Panic Pointers #1. Stay Out Of Your Head

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Panic attack pointer help tips


Panic attack pointers help tips


Panic Pointers attack help tips

This is my first in a series of posts on how to respond to panic attacks and get them under control.

There are a great many tips out there and I would say that the best ones are the ones that work for you.    I have had some of the oddest tricks and tips work for me.    I couldn’t tell you why.   Some things just “click” with me and others don’t and I think that is probably the case for a lot of people.     So I will try to throw a variety of ideas into this series to give you lots to choose from and try to connect with,  and increase your chances of finding some things that help you.

The first tip I want to give you is:

Stay Out of Your Head


Panic attack pointers help tips


When you feel the feelings of panic rise up inside you in that way that they do,  keep your mental perspective out of your head,  and keep it focused on what you are feeling.

I know that might seem counter productive, but escaping to our heads and allowing our thoughts and fears to roam free and wild up there only makes the panic more likely to continue or get worse.   Trust me when I say that our heads are the WORST place to be when we are panicking.

Instead,  stay mindful of your situation.   Stay present with your body and either think, or say out loud the feelings that you are experiencing.   Think of yourself as a scientist with a pencil and clipboard in hand,  observing and taking note of the cycle of panic.   Stay calm and collected and follow each observation up with a matter of fact statement that you are okay.   This serves to remind yourself that this cycle is simply the human body doing what the human body does,  and is nothing to be alarmed about.

For example:

My legs are feeling weak and I am okay. 

Now,  I am feeling very overwhelmed and I am still doing fine. 

I am feeling very scared and it will pass.

My heart is racing.   That is normal when panicking.

My hands are feeling very shaky and they will stop soon. 

I feel a strong urge to run away and I am going to sit here and wait that feeling out.  It will pass.


Notice how none of the above statements end in a question mark?   

They are all simple observational statements without any negativity.

That is for a reason.  Those of us with panic disorders are very analytical people and that is one thing that can keep the panic flowing.   Do your very best to skip the analyzing and go straight to “monitoring” your panic.

Questions feed panic.

When we start analyzing and asking ourselves “What is this feeling?  What is that feeling?”  our brains response is   “What?? You mean you don’t KNOW??”   and out comes more adrenaline which will increase all those symptoms.     As we all know,  questions don’t just breed more adrenaline…they breed even MORE questions and this only serves to perpetuate the cycle of anxiety.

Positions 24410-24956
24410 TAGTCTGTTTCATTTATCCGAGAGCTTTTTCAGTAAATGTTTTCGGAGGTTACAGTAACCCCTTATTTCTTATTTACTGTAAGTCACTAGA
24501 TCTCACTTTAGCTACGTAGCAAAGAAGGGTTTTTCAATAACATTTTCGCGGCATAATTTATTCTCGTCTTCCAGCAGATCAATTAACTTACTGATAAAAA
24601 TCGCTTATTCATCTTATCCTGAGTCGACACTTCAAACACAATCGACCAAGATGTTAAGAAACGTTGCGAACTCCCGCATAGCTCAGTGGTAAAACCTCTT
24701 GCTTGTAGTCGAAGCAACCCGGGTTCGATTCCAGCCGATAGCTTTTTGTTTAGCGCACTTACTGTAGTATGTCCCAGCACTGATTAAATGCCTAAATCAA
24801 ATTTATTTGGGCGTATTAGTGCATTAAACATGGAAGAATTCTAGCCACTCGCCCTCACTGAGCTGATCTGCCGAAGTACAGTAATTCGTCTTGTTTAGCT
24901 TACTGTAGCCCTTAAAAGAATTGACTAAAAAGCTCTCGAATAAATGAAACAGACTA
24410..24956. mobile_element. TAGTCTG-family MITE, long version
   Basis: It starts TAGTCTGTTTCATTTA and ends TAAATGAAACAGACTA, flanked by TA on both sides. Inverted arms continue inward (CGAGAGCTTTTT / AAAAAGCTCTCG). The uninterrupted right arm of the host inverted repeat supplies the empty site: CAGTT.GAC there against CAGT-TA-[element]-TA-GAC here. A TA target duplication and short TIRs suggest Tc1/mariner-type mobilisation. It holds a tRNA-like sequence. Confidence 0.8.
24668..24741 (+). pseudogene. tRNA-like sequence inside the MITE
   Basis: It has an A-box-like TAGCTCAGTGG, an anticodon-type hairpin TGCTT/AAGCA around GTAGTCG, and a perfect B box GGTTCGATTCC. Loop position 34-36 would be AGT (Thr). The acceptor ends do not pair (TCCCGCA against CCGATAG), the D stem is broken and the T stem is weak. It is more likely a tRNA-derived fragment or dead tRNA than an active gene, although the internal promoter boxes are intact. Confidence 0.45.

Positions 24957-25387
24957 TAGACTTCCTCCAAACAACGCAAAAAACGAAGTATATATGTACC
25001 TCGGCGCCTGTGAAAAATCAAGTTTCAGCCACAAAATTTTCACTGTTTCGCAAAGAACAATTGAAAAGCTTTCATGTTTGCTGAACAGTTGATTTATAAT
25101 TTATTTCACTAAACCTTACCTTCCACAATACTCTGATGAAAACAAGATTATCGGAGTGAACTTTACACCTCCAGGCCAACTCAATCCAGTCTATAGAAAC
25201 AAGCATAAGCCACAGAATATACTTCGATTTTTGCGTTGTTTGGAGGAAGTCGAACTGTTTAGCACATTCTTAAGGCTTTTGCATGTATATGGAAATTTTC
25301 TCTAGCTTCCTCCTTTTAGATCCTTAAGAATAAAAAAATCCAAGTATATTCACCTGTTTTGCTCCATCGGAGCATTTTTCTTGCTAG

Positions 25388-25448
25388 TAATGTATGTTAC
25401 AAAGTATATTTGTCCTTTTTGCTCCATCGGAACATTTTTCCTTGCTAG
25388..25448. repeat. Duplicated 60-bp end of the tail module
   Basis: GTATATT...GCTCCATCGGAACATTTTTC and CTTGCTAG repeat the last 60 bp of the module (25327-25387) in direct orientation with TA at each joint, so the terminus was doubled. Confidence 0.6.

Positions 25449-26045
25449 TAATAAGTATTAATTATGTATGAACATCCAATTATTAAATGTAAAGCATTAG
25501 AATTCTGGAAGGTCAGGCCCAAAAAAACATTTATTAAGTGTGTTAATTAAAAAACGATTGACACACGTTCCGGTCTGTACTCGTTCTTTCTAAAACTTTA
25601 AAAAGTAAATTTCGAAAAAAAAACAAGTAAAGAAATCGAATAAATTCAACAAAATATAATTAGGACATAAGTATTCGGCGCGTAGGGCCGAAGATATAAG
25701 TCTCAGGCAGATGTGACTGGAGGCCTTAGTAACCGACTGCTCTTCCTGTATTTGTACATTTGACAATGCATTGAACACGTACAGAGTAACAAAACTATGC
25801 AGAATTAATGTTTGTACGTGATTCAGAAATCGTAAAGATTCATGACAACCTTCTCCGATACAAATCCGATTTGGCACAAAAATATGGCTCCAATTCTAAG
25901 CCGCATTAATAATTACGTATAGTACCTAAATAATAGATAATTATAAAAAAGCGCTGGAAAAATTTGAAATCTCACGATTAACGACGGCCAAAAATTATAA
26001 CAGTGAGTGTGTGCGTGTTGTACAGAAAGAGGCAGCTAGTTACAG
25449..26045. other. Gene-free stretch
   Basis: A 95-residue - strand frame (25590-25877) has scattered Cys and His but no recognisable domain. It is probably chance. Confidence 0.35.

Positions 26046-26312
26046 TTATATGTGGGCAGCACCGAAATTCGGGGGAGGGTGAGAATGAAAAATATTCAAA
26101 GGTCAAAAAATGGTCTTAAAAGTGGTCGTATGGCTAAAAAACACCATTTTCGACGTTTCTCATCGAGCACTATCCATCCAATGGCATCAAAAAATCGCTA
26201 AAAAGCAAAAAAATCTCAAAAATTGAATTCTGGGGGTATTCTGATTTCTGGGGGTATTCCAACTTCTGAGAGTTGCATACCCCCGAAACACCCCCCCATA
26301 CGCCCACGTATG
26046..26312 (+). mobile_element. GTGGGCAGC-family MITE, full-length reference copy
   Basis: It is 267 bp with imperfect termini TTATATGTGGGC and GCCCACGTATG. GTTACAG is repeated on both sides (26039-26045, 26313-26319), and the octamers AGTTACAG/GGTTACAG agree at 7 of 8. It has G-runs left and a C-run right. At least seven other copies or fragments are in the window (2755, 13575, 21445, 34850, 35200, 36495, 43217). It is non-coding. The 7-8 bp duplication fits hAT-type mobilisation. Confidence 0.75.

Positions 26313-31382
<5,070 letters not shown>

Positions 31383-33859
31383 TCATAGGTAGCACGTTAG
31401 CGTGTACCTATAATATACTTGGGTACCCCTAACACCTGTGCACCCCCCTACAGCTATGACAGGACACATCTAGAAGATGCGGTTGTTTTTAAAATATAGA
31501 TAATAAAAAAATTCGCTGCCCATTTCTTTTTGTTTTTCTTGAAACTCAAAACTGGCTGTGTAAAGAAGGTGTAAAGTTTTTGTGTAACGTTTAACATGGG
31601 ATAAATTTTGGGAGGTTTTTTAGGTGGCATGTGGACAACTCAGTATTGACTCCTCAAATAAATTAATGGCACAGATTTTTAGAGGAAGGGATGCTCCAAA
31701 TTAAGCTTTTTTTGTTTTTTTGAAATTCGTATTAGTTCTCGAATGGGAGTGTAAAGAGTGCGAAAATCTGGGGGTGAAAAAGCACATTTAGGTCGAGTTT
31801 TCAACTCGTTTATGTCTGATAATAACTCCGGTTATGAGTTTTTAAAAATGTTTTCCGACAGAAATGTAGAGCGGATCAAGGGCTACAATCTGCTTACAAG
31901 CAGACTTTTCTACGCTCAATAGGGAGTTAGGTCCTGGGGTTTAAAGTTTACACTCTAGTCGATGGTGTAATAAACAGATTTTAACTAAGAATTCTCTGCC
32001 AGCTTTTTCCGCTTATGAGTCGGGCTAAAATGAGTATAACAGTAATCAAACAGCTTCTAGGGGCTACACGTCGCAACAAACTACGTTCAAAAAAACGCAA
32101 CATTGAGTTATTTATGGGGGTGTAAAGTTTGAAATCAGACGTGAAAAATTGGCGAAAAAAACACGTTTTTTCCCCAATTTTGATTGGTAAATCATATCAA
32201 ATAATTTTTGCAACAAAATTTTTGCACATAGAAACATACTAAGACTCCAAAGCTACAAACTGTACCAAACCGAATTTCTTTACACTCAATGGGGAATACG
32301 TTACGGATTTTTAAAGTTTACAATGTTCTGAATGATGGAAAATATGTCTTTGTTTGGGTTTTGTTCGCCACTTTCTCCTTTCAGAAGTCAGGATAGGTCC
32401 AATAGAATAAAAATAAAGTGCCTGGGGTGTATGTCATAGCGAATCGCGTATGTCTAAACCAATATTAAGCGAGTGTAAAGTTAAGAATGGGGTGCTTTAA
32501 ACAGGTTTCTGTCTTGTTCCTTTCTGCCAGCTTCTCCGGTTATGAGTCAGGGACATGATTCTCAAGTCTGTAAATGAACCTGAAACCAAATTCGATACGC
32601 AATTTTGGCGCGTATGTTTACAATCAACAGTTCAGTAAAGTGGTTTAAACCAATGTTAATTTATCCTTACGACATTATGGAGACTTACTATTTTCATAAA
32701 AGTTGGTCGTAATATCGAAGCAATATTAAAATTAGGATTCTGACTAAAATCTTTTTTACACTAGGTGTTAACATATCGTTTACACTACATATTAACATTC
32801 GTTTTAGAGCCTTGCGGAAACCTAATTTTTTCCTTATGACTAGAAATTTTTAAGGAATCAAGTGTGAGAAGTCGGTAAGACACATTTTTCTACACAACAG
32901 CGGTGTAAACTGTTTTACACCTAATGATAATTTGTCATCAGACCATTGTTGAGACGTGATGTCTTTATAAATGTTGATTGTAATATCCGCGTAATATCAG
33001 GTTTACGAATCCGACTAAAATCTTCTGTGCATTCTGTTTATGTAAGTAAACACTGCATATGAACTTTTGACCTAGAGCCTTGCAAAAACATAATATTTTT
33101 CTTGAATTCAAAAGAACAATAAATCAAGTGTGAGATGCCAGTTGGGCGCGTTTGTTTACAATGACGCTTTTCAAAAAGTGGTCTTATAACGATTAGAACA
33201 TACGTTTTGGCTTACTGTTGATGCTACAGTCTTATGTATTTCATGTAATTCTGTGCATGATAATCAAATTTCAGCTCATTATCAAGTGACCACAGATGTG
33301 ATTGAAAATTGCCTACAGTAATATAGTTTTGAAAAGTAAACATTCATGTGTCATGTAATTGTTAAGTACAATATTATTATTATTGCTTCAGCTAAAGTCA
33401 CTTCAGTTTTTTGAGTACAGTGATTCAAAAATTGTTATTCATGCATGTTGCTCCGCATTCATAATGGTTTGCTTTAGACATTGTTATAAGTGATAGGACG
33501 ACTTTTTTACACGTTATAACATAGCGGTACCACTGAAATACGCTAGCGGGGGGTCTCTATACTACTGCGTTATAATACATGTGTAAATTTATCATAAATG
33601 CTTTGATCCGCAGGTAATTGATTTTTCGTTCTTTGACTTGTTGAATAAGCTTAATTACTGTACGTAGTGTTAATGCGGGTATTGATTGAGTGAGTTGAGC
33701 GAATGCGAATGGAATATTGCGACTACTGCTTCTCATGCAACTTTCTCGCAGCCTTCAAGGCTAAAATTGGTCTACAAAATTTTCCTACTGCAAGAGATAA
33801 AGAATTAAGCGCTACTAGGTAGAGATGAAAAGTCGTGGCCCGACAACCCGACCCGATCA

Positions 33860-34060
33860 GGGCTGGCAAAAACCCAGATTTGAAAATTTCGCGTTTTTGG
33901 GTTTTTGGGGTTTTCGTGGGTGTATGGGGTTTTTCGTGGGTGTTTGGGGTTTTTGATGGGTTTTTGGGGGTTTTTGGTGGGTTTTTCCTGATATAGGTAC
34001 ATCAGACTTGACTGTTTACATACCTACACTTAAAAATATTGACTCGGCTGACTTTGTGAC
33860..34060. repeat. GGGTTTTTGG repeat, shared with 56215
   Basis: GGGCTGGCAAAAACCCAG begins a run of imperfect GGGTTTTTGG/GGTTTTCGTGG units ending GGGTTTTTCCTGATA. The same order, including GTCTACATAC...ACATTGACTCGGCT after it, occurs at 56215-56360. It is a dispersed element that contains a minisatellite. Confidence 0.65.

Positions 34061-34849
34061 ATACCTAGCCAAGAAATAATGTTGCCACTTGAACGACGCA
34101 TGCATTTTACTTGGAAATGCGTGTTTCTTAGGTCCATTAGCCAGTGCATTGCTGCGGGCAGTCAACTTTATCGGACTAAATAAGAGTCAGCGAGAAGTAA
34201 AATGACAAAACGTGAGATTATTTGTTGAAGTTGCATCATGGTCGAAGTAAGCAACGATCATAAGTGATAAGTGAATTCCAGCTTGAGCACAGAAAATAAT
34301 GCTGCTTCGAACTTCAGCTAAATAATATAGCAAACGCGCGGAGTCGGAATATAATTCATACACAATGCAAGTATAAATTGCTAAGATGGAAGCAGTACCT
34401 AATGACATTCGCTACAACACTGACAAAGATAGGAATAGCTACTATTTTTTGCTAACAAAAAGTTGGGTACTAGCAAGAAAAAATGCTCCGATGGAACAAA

A better way to respond to panic is to keep your mind in “data gathering” mode.

Instead of “asking” what is going on,  “tell” what is going on.   Be mindful and reassuring of each symptom in a steady methodical way while making sure to keep you breaths calm and deep.    Data gathering uses a different part of your brain than fear does.   It distracts your brain from paying attention to your emotions and it suggests to your brain that you are okay.     You wouldn’t be data gathering if you were in terrible danger, right?    So your brain will gradually shut off the adrenaline and you will slowly start feeling better.


Panic Attack pointers help tips


Your emotions will try to suck you into questioning your panic attack like a magnet,  but do not entertain any thought that starts with Who,  What,  When,  Where, Why or How.

Those words are completely off-limits.  

When it comes to panic attacks,  stick with just the facts and only the facts.   You have to stay focused in reality.   Your reality at the moment is what you are feeling,   not what your feelings mean.   Do not worry about trying to interpret  what you are feeling.    That will only create more questions and more drama and more panic.   Remember….just the facts.

Keep your voice –   whether it is your “thought”  voice or your actual voice that you are using –  very bland…almost robot like.    Explain your symptoms and feelings as they are happening,  as calmly as you can and as blandly as you can.    I know this is easier in theory than actually trying to put it into practice,     but you might be surprised how much easier it is to keep your voice calm and bland when you are stating facts as opposed to asking questions.

Continue staying with your body,  and out of your head,  for the duration of the panic.   Continue monitoring your panic attack until you feel you are coming down from the peak,  and then take some strong deep breaths and try to get your attention focused onto something else.


MONQ Canvas1